Friday, December 16, 2005

End of the Ice Age?

From CNN's site:

President Bush, Attorney General Alberto Gonzales and Republicans congressional leaders had lobbied fiercely to make most of the expiring Patriot Act provisions permanent, and add new safeguards and expiration dates to the two most controversial parts: roving wiretaps and secret warrants for books, records and other items from businesses, hospitals and organizations such as libraries.

Feingold, Craig and other critics said that wasn't enough, and have called for the law to be extended in its present form so they can continue to try and add more civil liberties safeguards. But Bush, Senate Majority Leader Bill Frist and House Speaker Dennis Hastert have said they won't accept a short-term extension of the law.

Must play hardball.

From CNN's site:

If a compromise is not reached, the 16 Patriot Act provisions expire on December 31.

Frist changed his vote at the last moment after seeing the critics would win. He decided to vote with the prevailing side so he could call for a new vote at any time. He immediately objected to an offer of a short term extension from Democrats, saying the House won't approve it and the president won't sign it.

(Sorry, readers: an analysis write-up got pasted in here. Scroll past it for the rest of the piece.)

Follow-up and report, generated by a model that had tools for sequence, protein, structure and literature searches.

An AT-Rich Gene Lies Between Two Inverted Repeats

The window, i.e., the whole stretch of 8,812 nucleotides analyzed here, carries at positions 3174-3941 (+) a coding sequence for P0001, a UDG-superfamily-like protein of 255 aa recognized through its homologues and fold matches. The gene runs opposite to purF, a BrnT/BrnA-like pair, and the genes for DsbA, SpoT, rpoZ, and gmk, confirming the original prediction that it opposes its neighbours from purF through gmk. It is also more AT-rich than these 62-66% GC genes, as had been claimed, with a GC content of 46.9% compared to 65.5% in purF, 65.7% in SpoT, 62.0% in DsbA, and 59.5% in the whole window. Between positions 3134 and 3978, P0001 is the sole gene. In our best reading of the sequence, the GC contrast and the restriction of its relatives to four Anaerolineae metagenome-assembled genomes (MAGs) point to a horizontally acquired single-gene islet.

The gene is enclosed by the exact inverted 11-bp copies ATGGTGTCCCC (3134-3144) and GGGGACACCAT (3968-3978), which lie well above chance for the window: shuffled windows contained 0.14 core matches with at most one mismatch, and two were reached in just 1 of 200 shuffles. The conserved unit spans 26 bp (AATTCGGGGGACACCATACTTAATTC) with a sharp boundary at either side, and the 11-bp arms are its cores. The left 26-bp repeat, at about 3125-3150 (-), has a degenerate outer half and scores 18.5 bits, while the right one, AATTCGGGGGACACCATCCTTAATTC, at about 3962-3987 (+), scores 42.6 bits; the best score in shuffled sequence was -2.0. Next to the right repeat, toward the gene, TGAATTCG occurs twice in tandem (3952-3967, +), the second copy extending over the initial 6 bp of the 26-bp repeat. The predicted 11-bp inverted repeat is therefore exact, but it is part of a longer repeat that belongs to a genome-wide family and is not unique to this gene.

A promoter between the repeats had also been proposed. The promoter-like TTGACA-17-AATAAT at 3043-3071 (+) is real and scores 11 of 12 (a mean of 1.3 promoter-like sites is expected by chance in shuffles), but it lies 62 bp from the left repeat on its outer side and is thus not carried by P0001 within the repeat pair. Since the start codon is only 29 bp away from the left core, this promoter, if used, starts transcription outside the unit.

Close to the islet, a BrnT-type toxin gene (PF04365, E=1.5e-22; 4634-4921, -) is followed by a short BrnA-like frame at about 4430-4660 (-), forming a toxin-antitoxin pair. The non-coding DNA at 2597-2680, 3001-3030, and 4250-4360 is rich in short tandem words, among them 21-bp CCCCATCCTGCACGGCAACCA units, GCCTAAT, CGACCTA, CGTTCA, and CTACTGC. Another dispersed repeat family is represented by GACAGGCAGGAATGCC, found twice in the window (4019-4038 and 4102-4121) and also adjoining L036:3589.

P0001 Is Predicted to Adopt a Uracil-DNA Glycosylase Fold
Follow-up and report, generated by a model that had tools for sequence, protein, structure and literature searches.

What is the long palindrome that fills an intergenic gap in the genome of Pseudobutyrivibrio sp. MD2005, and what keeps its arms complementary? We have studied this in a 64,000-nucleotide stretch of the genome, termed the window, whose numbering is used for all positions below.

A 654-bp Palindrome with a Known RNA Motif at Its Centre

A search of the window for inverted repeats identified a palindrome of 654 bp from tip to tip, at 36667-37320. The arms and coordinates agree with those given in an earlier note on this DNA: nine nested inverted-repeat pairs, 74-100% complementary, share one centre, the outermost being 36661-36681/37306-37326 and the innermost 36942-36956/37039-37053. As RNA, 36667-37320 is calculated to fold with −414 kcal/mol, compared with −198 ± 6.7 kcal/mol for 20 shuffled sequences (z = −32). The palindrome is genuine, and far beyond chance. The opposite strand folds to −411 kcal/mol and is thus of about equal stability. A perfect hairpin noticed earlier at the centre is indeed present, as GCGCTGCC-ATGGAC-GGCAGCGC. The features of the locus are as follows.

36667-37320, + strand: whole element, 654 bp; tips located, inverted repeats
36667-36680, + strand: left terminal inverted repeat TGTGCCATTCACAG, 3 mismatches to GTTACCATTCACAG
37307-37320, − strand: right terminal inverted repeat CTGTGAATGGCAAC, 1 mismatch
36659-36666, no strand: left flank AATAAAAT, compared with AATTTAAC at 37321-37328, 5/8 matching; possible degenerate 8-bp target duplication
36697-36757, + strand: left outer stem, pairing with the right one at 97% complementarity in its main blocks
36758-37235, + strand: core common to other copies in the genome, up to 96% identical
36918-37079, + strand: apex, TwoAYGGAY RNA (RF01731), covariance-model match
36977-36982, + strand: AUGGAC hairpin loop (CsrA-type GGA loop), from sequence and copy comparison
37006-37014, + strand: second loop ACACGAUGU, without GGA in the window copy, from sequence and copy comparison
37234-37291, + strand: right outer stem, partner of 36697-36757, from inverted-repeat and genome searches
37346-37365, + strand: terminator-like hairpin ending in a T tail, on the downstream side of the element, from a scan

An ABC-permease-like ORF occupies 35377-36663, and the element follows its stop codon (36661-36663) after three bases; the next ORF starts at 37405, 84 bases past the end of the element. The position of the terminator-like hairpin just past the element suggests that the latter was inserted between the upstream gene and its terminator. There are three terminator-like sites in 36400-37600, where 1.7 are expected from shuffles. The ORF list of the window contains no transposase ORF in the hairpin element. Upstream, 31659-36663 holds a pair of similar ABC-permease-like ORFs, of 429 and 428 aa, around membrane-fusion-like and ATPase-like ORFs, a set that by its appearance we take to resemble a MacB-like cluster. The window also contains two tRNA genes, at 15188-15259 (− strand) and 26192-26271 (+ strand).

"We have more to fear from terrorism than we do from this Patriot Act," Frist warned.

This is typically disingenuous. The government passes the laws it chooses. The Patriot Act is a choice. The components of the act are determined choices. It would not be difficult for the government to pass a law with support from both sides of the house. It only becomes difficult when a policy of no retreat is in effect.

Somewhere, I recently read that the ice may finally be breaking in the U.S. That it may soon be possible to disagree with the administration without being framed as a traitor or as incompetent. We'll see.

"I don't want to hear again from the attorney general or anyone on this floor that this government has shown it can be trusted to use the power we give it with restraint and care," said Feingold, the only senator to vote against the Patriot Act in 2001.

"It is time to have some checks and balances in this country," shouted Sen. Patrick Leahy, ranking Democrat on the Judiciary Committee. "We are more American for doing that."

I don't think that it is really, "more American". The Republicans are stating very effectively that, "more American" means, "Father knows best". Having said that, this is the first time in years that I've heard someone disagree in this manner with the administration on the issue of what is best for the United States.

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